Three Leadership Lessons from Katrina to Help Hurricane Sandy Survivors
By Office-Politics Adviser, Dr. Greg Ketchum
Like everyone else I’ve been watching the news coverage of Hurricane Sandy. As I’ve watched the images of devastation I’ve found myself experiencing vivid flashbacks of my time being trapped in New Orleans during Hurricane Katrina. The chief emotions these images have evoked in me are anger, frustration, and even rage at the massive failures of leadership that happened during Katrina.
Some of the suffering I experienced during Katrina could have been avoided had I done one simple thing; taken on responsibility and leadership to get myself out of New Orleans instead of depending on authority figures to do it for me. I waited for governments, disaster relief agencies, and the national guard to arrive like the cavalry riding over the hill to rescue us and it didn’t happen while I was there. I was stuck in New Orleans until four days after the storm and it was on that day that I saw my first national guard soldier.
I was so infuriated by the massive failures of leadership during Katrina that I dedicated myself to learning all I could about authentic leadership, and telling the stories of those individuals who’d shown great leadership on the ground in Katrina. I traveled back to New Orleans at least half a dozen times in that year following the storm finding and interviewing people like the commander of the Coast Guard, the general manager of the Superdome, the local agent in charge of the FBI, and many others.
I’d like to share three of those lessons about authentic leadership with people who have been hit by Hurricane Sandy. While no one would willingly choose to go through something like Katrina or Sandy being there does provide the potential to make a quantum leap in your leadership ability and self-confidence.
1) Make the Leadership Switch:
Make what I call the leadership switch, which means switching your focus for direction to inside of yourself instead of outside to some “authority” figure. It means using your leadership instinct as a compass by which to navigate when the external landmarks aren’t clear or have been washed away, literally, as they were in Katrina. Engage your own gut level leadership instincts. Develop your ability to access, trust and act on your own intuition.
2) The Ability to Deal With Reality is Key:
Developing the ability to keep up with a fast- changing reality is key to successfully leading yourself and your family through this crisis. This involves being able to switch off what you thought was going to happen to facing what is actually happening. Further, it means being able to shift your “internal frame of reference” to quickly match a new, changed reality. Being stuck on “this isn’t what’s supposed to be happening” or “this isn’t what I expected” will only impair your ability to quickly recognize and deal with the next new reality.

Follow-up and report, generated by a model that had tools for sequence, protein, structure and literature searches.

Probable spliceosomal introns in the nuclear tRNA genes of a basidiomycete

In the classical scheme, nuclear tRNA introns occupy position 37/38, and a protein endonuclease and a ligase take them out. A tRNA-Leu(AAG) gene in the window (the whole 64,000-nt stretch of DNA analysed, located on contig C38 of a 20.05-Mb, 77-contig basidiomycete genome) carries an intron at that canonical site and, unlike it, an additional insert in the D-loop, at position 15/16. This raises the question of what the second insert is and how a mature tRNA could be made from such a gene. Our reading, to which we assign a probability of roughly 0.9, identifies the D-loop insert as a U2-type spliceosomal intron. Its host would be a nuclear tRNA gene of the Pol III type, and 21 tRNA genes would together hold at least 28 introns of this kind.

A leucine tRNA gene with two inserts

3) Never Hand Over Complete Responsibility for Your Situation to “Authority Figures.”
Don’t naively trust authority figures as if you’d be trusting God. They will do their best, but they have their own self-interest as well. Always hold onto some quotient of responsibility for yourself and your situation. Never ignore your “leadership instinct.”
If you apply these three lessons that I learned from Katrina I guarantee you that you will suffer less than you might otherwise if your only plan is to wait for the authority figures to come to your rescue.
Read more… Leadership Lessons from The Eye of the Storm
Wikipedia: “Hurricane Sandy was the largest Atlantic hurricane on record, as well as the second-costliest Atlantic hurricane in history, only surpassed by Hurricane Katrina in 2005. The eighteenth named storm and tenth hurricane of the 2012 Atlantic hurricane season, Hurricane Sandy devastated portions of the Caribbean, Mid-Atlantic and Northeastern United States in late October 2012″
OFFICE-POLITICS ADVISER DR. GREG KETCHUM
Dr. Greg Ketchum, dubbed the “Frasier of the Cubicles” by the San Francisco Chronicle, is a former clinical psychologist-turned CEO and media career coach. He presides over an executive talent firm, providing coaching and recruiting for executives and Fortune 500 companies. A unique mix of psychology and coaching expertise gives Dr. Greg a great understanding of people and what it takes for career success. Combined with his keen insight into today’s job market, and infused with his trademark quick wit, Dr. Greg challenges Office-Politics readers to reach for career success on their own terms — and to have a good time doing it.